Case Response Paper Homework Help Assignment

Case Response Paper Homework Help


Based on the case attached and write a 3 to 4-page reflection.

The paper should include:



Problem Statement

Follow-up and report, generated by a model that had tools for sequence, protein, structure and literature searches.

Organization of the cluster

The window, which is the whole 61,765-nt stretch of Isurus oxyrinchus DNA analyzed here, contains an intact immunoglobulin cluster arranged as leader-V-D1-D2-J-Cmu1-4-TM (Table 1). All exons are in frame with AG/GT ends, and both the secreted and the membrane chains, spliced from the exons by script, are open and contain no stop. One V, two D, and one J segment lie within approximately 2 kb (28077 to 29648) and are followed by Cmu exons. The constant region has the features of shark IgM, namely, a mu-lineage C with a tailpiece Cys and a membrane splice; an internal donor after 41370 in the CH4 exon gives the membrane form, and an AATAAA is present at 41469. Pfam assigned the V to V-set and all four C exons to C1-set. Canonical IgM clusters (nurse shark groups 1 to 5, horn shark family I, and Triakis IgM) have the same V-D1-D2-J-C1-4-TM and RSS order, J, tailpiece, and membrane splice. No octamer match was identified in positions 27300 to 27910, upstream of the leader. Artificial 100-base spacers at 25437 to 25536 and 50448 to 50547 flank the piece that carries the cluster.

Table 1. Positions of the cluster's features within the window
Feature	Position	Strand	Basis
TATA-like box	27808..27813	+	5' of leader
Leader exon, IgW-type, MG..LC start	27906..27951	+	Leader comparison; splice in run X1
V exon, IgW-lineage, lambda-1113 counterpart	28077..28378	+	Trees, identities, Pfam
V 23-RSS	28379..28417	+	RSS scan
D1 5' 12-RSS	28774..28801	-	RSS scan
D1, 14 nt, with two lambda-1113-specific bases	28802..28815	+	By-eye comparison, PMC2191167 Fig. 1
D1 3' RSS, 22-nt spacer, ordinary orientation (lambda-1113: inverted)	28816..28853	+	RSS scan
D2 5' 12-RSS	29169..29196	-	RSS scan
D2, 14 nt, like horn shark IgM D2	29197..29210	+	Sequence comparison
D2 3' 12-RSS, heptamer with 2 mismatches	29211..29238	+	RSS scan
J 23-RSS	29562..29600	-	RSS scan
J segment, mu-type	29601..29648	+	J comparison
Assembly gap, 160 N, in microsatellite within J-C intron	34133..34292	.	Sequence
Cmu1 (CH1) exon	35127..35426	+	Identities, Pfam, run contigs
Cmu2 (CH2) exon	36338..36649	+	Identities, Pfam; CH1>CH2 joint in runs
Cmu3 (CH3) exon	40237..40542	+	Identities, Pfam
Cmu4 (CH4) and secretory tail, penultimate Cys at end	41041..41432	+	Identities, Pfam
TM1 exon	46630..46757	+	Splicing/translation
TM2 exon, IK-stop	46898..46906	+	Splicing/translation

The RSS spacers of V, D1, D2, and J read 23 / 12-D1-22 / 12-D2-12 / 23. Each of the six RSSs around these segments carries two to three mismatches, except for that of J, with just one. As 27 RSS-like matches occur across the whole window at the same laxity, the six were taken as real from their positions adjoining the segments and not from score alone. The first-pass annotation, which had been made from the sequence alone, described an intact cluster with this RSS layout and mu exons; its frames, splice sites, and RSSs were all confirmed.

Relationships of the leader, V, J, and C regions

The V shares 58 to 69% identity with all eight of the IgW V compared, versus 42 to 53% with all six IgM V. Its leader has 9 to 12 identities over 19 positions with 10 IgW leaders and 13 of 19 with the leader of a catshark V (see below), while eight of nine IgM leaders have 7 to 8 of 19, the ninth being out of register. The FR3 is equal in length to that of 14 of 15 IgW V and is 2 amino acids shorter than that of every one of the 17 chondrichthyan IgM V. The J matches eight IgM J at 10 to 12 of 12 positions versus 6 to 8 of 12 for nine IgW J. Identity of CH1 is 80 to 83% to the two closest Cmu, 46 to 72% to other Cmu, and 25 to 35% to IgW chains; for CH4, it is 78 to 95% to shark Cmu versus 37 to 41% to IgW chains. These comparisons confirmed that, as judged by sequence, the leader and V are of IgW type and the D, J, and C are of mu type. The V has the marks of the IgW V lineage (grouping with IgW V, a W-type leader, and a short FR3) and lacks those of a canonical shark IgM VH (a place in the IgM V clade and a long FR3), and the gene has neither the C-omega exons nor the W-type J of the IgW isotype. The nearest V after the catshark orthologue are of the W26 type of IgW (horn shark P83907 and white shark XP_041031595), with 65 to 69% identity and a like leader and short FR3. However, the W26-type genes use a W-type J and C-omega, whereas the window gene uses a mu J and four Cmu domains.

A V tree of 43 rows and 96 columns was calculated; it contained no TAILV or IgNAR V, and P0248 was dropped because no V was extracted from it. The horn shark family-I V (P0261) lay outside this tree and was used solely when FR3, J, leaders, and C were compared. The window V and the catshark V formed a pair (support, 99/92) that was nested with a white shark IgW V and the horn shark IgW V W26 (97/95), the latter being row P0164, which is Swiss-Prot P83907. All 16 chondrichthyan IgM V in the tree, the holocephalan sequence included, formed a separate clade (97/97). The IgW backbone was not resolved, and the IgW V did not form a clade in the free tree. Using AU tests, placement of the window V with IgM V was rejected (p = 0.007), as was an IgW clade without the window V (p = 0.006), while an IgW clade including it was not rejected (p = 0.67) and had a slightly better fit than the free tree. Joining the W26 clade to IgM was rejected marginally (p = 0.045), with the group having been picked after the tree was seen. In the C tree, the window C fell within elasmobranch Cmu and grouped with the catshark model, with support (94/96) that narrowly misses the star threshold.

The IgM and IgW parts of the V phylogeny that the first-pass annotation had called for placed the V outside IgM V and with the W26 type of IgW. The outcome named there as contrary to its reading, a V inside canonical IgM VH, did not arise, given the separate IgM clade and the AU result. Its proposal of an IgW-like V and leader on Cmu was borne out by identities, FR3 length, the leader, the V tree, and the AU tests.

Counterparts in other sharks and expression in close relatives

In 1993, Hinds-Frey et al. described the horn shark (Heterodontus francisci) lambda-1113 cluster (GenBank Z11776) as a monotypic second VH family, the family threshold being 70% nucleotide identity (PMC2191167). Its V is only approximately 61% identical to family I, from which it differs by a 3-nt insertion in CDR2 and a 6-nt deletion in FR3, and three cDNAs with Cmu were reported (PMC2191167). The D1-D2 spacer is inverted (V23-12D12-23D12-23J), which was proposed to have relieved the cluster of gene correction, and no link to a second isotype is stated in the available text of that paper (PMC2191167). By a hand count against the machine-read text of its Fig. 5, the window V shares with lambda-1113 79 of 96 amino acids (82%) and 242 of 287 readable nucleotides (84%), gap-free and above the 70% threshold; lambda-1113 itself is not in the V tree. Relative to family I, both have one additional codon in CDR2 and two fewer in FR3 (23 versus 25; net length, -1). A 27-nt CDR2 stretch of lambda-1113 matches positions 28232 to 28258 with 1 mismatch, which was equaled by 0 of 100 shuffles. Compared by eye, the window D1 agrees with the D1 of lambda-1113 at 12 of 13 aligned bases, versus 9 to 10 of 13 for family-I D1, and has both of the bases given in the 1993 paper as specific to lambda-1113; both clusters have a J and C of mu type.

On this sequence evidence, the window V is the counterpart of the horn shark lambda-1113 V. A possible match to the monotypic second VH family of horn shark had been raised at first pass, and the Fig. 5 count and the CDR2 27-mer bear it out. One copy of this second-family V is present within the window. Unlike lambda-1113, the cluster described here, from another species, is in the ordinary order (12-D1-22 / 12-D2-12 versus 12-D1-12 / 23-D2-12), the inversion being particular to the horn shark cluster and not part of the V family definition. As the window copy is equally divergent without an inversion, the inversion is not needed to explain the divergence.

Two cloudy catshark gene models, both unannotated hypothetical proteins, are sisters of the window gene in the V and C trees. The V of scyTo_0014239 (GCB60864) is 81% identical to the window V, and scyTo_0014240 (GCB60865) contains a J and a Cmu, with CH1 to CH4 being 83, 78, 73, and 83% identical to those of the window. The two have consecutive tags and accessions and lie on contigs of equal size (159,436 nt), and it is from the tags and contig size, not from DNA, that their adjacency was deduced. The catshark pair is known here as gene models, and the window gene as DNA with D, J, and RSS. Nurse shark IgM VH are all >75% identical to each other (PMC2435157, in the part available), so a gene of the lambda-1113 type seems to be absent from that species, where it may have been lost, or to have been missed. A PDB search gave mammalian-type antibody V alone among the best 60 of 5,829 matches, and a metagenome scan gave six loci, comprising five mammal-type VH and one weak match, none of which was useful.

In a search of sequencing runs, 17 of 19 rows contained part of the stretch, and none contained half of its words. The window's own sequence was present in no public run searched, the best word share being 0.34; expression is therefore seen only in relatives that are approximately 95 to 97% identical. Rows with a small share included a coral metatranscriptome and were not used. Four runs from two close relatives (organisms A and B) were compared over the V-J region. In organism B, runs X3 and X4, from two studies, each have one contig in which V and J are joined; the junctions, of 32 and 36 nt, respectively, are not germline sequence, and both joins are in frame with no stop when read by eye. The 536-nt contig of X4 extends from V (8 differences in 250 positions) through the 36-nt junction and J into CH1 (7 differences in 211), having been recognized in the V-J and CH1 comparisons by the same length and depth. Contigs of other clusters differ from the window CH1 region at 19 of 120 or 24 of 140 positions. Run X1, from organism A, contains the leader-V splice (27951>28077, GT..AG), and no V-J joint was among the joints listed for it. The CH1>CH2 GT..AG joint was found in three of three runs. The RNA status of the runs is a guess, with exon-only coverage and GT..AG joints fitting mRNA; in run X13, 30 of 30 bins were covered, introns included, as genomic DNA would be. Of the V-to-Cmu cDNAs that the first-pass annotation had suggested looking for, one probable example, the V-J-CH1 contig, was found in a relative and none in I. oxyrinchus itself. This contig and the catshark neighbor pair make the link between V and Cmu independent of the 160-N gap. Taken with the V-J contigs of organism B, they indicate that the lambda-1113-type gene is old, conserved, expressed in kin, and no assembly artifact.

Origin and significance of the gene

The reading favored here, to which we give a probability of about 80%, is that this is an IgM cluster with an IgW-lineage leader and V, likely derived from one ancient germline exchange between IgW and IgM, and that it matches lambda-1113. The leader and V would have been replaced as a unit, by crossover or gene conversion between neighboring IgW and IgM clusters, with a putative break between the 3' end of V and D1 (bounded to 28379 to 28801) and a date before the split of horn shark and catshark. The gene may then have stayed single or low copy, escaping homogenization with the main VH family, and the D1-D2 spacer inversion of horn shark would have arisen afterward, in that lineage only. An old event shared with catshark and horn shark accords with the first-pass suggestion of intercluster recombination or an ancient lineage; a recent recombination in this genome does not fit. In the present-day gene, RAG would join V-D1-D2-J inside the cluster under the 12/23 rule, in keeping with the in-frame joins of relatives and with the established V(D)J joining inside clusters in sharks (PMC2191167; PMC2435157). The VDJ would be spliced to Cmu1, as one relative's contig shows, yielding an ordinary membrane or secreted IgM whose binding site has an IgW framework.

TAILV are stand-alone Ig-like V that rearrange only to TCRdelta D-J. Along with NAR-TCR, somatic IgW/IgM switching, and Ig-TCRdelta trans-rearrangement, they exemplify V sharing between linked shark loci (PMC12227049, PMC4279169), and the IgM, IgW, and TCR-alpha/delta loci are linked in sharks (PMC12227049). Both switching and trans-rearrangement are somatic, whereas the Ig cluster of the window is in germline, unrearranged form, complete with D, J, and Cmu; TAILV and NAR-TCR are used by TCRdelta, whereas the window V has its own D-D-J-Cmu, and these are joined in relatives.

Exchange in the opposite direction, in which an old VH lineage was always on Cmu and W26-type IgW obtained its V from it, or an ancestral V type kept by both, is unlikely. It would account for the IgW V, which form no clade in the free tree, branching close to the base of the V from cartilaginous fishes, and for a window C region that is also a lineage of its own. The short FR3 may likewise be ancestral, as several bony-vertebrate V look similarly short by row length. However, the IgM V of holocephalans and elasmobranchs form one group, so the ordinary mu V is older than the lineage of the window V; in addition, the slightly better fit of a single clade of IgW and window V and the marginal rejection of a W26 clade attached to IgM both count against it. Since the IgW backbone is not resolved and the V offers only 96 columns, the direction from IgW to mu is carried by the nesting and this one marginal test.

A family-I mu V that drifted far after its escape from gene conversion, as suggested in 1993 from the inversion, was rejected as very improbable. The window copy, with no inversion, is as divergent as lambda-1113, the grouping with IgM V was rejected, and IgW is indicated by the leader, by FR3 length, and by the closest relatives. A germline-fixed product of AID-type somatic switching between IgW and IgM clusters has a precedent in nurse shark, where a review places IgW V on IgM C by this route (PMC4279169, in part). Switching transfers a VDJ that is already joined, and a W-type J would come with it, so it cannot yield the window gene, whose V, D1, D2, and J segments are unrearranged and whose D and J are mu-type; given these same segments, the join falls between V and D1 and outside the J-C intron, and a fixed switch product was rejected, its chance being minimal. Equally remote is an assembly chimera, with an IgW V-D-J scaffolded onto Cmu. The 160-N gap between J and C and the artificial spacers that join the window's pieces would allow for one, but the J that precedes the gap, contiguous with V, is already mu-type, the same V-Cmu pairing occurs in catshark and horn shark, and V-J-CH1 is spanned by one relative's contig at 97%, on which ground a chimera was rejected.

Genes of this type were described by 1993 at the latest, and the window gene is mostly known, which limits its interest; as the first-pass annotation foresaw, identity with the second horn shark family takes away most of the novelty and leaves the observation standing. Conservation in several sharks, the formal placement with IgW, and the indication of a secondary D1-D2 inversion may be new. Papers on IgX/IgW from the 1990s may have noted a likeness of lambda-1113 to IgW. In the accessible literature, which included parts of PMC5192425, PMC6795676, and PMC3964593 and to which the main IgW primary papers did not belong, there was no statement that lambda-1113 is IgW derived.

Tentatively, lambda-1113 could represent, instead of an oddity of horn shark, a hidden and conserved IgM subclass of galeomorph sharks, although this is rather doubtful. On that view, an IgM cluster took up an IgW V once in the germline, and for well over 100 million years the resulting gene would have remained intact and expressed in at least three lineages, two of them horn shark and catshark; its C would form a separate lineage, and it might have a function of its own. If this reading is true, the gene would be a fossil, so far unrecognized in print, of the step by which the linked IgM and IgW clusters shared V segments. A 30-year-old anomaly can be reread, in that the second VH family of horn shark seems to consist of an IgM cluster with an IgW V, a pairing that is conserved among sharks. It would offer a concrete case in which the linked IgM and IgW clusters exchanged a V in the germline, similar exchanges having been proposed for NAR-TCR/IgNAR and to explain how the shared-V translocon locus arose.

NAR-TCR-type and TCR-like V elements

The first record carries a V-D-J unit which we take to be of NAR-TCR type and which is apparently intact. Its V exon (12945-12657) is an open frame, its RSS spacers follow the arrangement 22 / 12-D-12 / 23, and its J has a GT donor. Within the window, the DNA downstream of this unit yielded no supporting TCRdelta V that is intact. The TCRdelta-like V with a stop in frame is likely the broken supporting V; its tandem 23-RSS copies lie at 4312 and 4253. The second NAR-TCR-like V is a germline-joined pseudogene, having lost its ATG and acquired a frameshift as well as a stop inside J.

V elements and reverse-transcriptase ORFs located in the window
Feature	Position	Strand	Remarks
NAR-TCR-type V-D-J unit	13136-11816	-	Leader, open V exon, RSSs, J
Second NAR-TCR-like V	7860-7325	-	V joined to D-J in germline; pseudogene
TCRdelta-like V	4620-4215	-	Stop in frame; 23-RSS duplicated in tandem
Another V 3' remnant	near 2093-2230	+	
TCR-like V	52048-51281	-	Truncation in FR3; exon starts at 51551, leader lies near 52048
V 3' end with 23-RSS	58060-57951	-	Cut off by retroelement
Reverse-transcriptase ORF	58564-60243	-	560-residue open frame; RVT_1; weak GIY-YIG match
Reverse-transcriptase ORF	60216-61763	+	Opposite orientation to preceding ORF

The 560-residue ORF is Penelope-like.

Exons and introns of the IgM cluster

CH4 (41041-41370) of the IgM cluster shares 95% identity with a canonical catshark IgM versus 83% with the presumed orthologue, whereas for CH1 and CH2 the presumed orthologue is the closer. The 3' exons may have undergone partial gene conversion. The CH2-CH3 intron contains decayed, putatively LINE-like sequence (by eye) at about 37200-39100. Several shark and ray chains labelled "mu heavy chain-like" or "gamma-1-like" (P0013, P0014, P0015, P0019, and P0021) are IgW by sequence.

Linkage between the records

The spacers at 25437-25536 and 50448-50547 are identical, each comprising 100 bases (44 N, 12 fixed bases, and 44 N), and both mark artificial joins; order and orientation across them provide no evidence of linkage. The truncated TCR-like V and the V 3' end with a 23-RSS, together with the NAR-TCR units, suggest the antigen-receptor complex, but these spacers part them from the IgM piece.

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W17398 AMAZON GO: VENTURING INTO TRADITIONAL RETAIL1 Wiboon Kittilaksanawong and Aurélia Karp wrote this case solely to provide material for class discussion. The authors do not intend to illustrate either effective or ineffective handling of a managerial situation. The authors may have disguised certain names and other identifying information to protect confidentiality. This publication may not be transmitted, photocopied, digitized, or otherwise reproduced in any form or by any means without the permission of the copyright holder. Reproduction of this material is not covered under authorization by any reproduction rights organization. To order copies or request permission to reproduce materials, contact Ivey Publishing, Ivey Business School, Western University, London, Ontario, Canada, N6G 0N1; (t) 519.661.3208; (e); Copyright © 2017, Richard Ivey School of Business Foundation Version: 2017-06-28, Inc. (Amazon), one of the largest global online retailers, decided to enter the offline retail industry in December 2016 by launching its first Amazon Go store in Seattle, offering a technologically innovative way of shopping that allowed customers to make purchases without a cashier.2 The launch was the first time that Amazon really entered the traditional retail industry. Earlier, in May 2016, the company had entered food, diaper, and housekeeping product manufacturing with its Amazon Elements brand.3 Nevertheless, these products were only available online for American Prime Members. Founded in 1994 as an online bookstore, the company had become an e-commerce giant, leading digital sales of books and electronic products. It revolutionized the way consumers purchased products, while also becoming a trusted source of product information for potential buyers. However, the company was not profitable until 2001, while it was still experiencing some financial difficulties.4 As of the third quarter of 2016, it was the fourth most valuable public company in the United States.5 In 2015, it surpassed Wal-Mart Stores, Inc. (Walmart) as the most valuable online retail company in the United States. Could Amazon reproduce its online success in the traditional offline retail segment? Could its current competitive advantages be replicated in offline retailing? Did this diversification make sense, considering Amazon’s existing key resources and capabilities, the presence of established traditional retailers like Walmart, and the market trend that was increasingly moving toward online stores? HISTORY The Beginnings: 1994–1997 On July 5, 1994, Jeff Bezos, a 30-year-old engineer graduating from Princeton University, left his job as vice-president at D.E. Shaw & Co., a global investment firm based in New York, to create an online bookstore based in Seattle. He saw the future of selling products online and thus first sold books, videos, computer hardware and software, and compact discs. He chose to sell books because of the high worldwide demand, low price per piece, and high number of titles. His aim was to provide more varieties of books online than were available in a physical store. Amazon’s main competitors were Barnes & Noble Booksellers Inc., the largest retail bookseller, and other local booksellers in the United States. The company Page 2 was named in the year after it was created. Through a partnership with Ingram Book Group LLC, Amazon could access books at wholesale prices and sell them online at cheaper prices than physical bookstores. Within its first two months, Amazon’s online sales covered more than 45 countries with sales revenue of US$20,0006 per week. In June 1997, it went public and entered the Nasdaq stock exchange at an initial price of $18 per share, raising $54 million. Global Expansion and Laborious Financial Results: 1998–2004 In 1998, Amazon began to expand internationally, first by entering the United Kingdom and Germany, and then moving to Europe and Asia, including France, Japan, and China. The company included different languages on its websites to serve these international markets. Bezos was not expecting to make any profits during the first four or five years of the business. Shareholders were not satisfied with the company because it was not profitable and not growing fast enough. However, this business model, with slow but efficient growth, saved Amazon from suffering too much from the 2001 dot-com bubble, and the company realized its first profits in 2001. Nevertheless, its profit was only $5 million from revenues of over $1 billion. Since 2001, the company had significantly diversified its products, from books to computers, electronics, clothes, and beauty products. Diversification, Early Steps in the Service Industry, and Own-Brand Products: 2005–2010 Amazon continued to extend its services through AmazonFresh, a grocery service, and Amazon Music, an online music store. The company increased its product offerings through the Fulfilment by Amazon program, where products were stored in Amazon’s fulfilment centres and then quickly picked, packed, and shipped to customers. It also created Amazon Prime to provide a two-day shipping service in the United States for only $79 a year. It launched Amazon Web Services Inc., which offered inexpensive, reliable, and scalable cloud computing services, including Amazon Mechanical Turk, a crowdsourcing Internet marketplace that enabled individuals and businesses to coordinate the use of human intelligence. This period also marked the beginning of Amazon’s own-brand products, including the 2007 launch of the Amazon Kindle, one of the very first e-books readers, three years before the launch of Apple Inc’s iBooks. Innovating and Diversifying at a Faster Pace: 2011–2017 The company kept innovating to improve its products and services. It launched Amazon Locker, a parcel delivery service that allowed buyers to pick up purchases at secure, self-service kiosks, and Amazon Prime Air, a cargo airline and drone-based delivery system. In February 2017, the company announced that it would invest $1.5 billion to build an air cargo hub to support the increasing size of its fleet. 7 Amazon also entered new segments with its Kindle Fire and Fire HD, which competed with Apple’s iPad. Amazon acquired several companies, including GoodReads, an online social networking site for sharing books and reviews, and LoveFilm, a DVD-by-mail and streaming video-on-demand provider that competed with Netflix in Europe. It acquired Kiva Systems to develop robots that efficiently moved products in warehouses, thereby shortening delivery times. The company launched Amazon Video Direct to compete with YouTube,8 and it also developed and operated Amazon Video, an Internet video-on-demand service where customers could buy, rent, and instantly watch digital movies and TV shows. Amazon opened its first physical bookstore, Amazon Books, in Seattle, selling Page 3 products at the same prices as those available in the online stores. These strategic moves allowed Amazon to become a global online retail giant. By 2015, its market capitalization surpassed that of Walmart. AMAZON’S DEVELOPMENT Headquartered in Seattle, Amazon was one of the big four global digital companies: Google, Apple Inc., Facebook Inc., and Amazon. It had worldwide operations, with websites serving markets in 14 countries in North America, Europe, and Asia, and shipping services in 75 countries.9 Its business was expanding rapidly. The number of full-time and part-time Amazon employees increased 47 per cent in one year to reach 268,900 in 2016.10 This was 23 times more employees than its online competitor EBay and twice as many as Apple, but it was less than 12 per cent of the employees of its offline competitor Walmart. Amazon announced a plan to hire 100,000 full-time employees in the United States from January 2017 to mid-2018, potentially becoming one of the largest technology employers in the country.11 Amazon offered a wide range of products on its website, including books, apparel, and even food. As of February 2017, had 48 categories of products—both new and used—that were created and sold both by Amazon itself and by other companies. Most products were in the digital and multimedia sectors. The company had diversified a lot over the years but mainly within online businesses. The company’s revenues from online retail sales largely surpassed those of its competitors: in 2015, its online retail sales were 5.5 times greater than those of Walmart, making it the leader in the online retail market12 (see Exhibit 1). Amazon made $71.84 billion in online retail sales between November 2014 and November 2015. This was more than the combined online sales of Apple, Walmart, Sears, Roebuck & company, The Gap Inc., Costco Wholesale Coporation, Target Corporation, The Kohl’s Corporation, Best Buy Co., and The Home Depot Inc.13 In the second quarter of 2016, Amazon hit a record profit for the third straight quarter—$857 million ($1.78 per share) on revenue of $30.4 billion.14 This record far surpassed analysts’ estimates of profits per share of $1.11 and revenues of $29.5 billion. In 2016, its online retail sales accounted for half of all online retail sales in the United States. 15 According to Amazon’s chief financial officer, Brian Olsavsky, these positive financial figures were a result of “working very hard on efficiency” and “benefits of operating at scale.”16 For years, as Amazon’s online retail sales and profits increased continually, the company kept on investing in research and development (R&D) to improve its offers and to develop new market sectors. In 2016, Amazon decided to enter food and consumable goods manufacturing through Amazon Elements, available only online for American Prime Members, and offline retailing through Amazon Go in Seattle, the first brick-and-mortar convenience food store that employed mobile e-commerce, machine learning, and computer vision to allow customers to make purchases without a cashier.17 However, Amazon’s performance in the third quarter of 2016, especially in terms of profits, was lower than expected, and this caused its stock price to decrease by 7 per cent. While its revenues were as expected, at $32.7 billion, its profits were $252 million, which was much lower than in the second quarter. 18 Earnings per share were only $0.52—below the estimated $0.78. Still, as of the third quarter of 2016, Amazon was the fourth most valuable public company in the United States. This poorer performance resulted largely from increased investments in improving existing offers and developing new offers. Such investments were expected to increase as Amazon entered offline retail segments, which required at least buying physical stores. As Olsavsky said, “We are in a period of advancing up our investments in the second half of 2016, even more so than in prior years.”19 In May 2016, Page 4 to raise more capital, Bezos sold over one million of his shares—the largest amount he had ever made—for $671 million. In August 2016, he sold another record one million shares for $756.7 million, reducing his shares in Amazon to 16.9 per cent (see Exhibit 2). AMAZON’S COMPETITIVE ADVANTAGES Amazon’s success was not only due to its first-mover advantage but also came from a combination of competitive advantages related to marketing, supply chain, innovation, and customer-centricity. Brand Awareness and Innovative Marketing Amazon’s marketing strategy relied on its strong brand awareness. As Bezos said, “Brand names are more important online than they are in the physical world.”20 In another interview, he noted the importance of communicating the story of Amazon’s brand: “You can have the best technology, you can have the best business model, but if the storytelling isn’t amazing, it won’t matter . . . Nobody will watch.”21 The company implemented innovative marketing to receive free press coverage and to increase good customer perception of its products and services. Its community banana stands gave away about 4,500 free bananas daily to Seattle inhabitants to create more links with customers and improve its brand image. Since bananas were also the most popular item sold by Amazon’s rival, Walmart, some analysts thought this campaign could be seen as a way of attacking Walmart by showing that Amazon also sold good-quality fresh items.22 Amazon chose to advertise its first unexpected offline retail venture, Amazon Go, through video teasing, which successfully created a buzz among the general public. Amazon did not really need to spend a lot of money to advertise this brand-new offline offer, as media outlets were already talking about this innovative retail marketing approach. Amazon’s competitors also started to react to the resulting widespread public awareness by creating their own videos, which generated even more visibility for Amazon Go. In 2015, Amazon spent $2.8 billion on digital marketing, an increase of 40 per cent from the year before.23 The company also established partnerships with digital celebrities to promote its products.24 However, these marketing activities were not the only reason for Amazon’s success, and Amazon focused less on offline advertising than digital brands like Apple and Samsung. As Bezos said, “In the old world, you devoted 30 per cent of your time to building a great service and 70 per cent of your time to shouting about it. In the new world, that inverts.”25 Efficient Supply Chain Management to Create a Convenient Shopping Experience As an online retailer, Amazon revolutionized the way customers shopped for products through its efficient supply chain management, which made a wider range of products available and delivered those products faster than its competitors. The company’s global presence and available worldwide shipments allowed customers to easily buy almost anything from any country from Amazon. Unlike Walmart, Amazon did not need a physical shop; it just needed a warehouse to store products. It also had products delivered directly from the producer to the customer. Its fast delivery came from the strategic location of its warehouses, the high levels of available product inventory, its fast order management, and its partnerships with delivery companies. For example, in Japan, Amazon partnered with Yamato Holdings Co., Ltd., allowing buyers to receive products within a day of their orders.26 This very efficient delivery also came from its investments in robotics. Page 5 From the beginning of its business, Amazon sold many products at highly competitive prices, usually cheaper than those of offline competitors. Bezos even said, “There are two kinds of companies, those that work to try to charge more and those that work to charge less. We will be the second.” 27 This ability to reduce prices came from the high economies of scale Amazon could generate on some products because of their high turnover. Unlike offline retailers, Amazon did not pay expensive rent for physical shops but efficiently managed warehouses at strategic locations to maximize its inventory turnover. Its strategy to sell more at a low price meant the company’s margins were usually lower than those of competitors, and this was one reason why it was not profitable for many years. Customer-Centricity and Innovation Bezos’s strategy had always been to focus on customer needs. He said, “We’ve had three big ideas at Amazon that we’ve stuck with for 18 years, and they’re the reason we’re successful: Put the customer first. Invent. And be patient.”28 Since the beginning of online business, Amazon kept innovating to create the best possible user experience. The company emphasized the ease of use of its websites. It also reduced product delivery time, proposing even same-day deliveries in some cities. This customer-centric approach allowed the company to be more innovative. As Bezos said, “If you’re competitor-focused, you have to wait until there is a competitor doing something. Being customer-focused allows you to be more pioneering.”29 The company increased the number of products it offered over the years to satisfy customer needs, particularly through partnerships with prominent players such as retailer Toys “R” Us Inc. AMAZON’S PRIVATE LABELS AND OFFLINE RETAIL OFFERS Amazon had already launched a bookstore in a university in Seattle, which offered over 6,000 book titles, and it planned to open a second one in San Diego. Although Amazon did not have much experience in the traditional manufacturing and retail business, it decided in 2016 to enter grocery product manufacturing and brick-and-mortar food retailing. This decision went against the general trend of business models followed by many competitors, which were increasingly moving from offline physical stores to online stores. However, Bezos did not see this decision as a risk. Instead, he saw it as a normal evolution of business, and said, “What’s dangerous is not to evolve.”30 New Brands After developing many electronic devices under its own brand, Amazon decided to enter the higher-margin grocery and household goods sectors. In May 2016, the company announced the launch of three brands available for purchase online on its websites: Happy Belly (which offered grocery products including milk, coffee, cereals, and pasta), Wickedly Prime (which offered ready-to-eat prepared foods), and Mama Bear (which offered baby products including baby food, cleaning wipes, and diapers).31 Amazon thus not only sold grocery and household products online but also produced them through private labels, allowing the company to have potentially higher margins.32 On its websites, the company explained that this move was driven by its customer-centric capabilities. 33 According to Amazon, the product offerings would be improved based on the clients’ feedback. It wanted to create and promote brands that would be seen by customers as more trustworthy than others. While Amazon Elements products had been available only in the United States and only to Amazon Prime members, a small segment of Amazon’s entire customer base, Amazon contracted with multiple manufacturers to produce this new range of products. These manufacturers included TreeHouse Foods Inc., Page 6 which was also manufacturing similar goods for other retailers. This development could be seen as an attempt by Amazon to catch up and compete even more with other retailers such as Walmart and Target, which had had their own product brands for years. Because Amazon’s brand awareness was so high, it could develop these new offers easily without having to spend millions of dollars on advertising and other marketing activities. Amazon could adapt its product offers to meet consumer demands by utilizing its enormous customer databases. However, as Amazon had not been a traditional retailer before, this strategic move might be seen as risky. Indeed, this was not the first time that Amazon had tried to produce baby products. In 2014, the company had launched its own diapers on its websites, but removed them from only few weeks after the launch due to manufacturing defects and negative customer feedback.34 Nevertheless, Bezos was not the kind to give up easily after one failure. He said, “If you’re not stubborn, you’ll give up on experiments too soon. And if you’re not flexible, you’ll pound your head against the wall and you won’t see a different solution to a problem you’re trying to solve.”35 These new Amazon-branded products could also create tensions with suppliers who were currently presenting their products on, potentially putting Amazon in an even tougher position to negotiate with them.36 Should Amazon’s own brands be showcased on its websites while the company aimed to …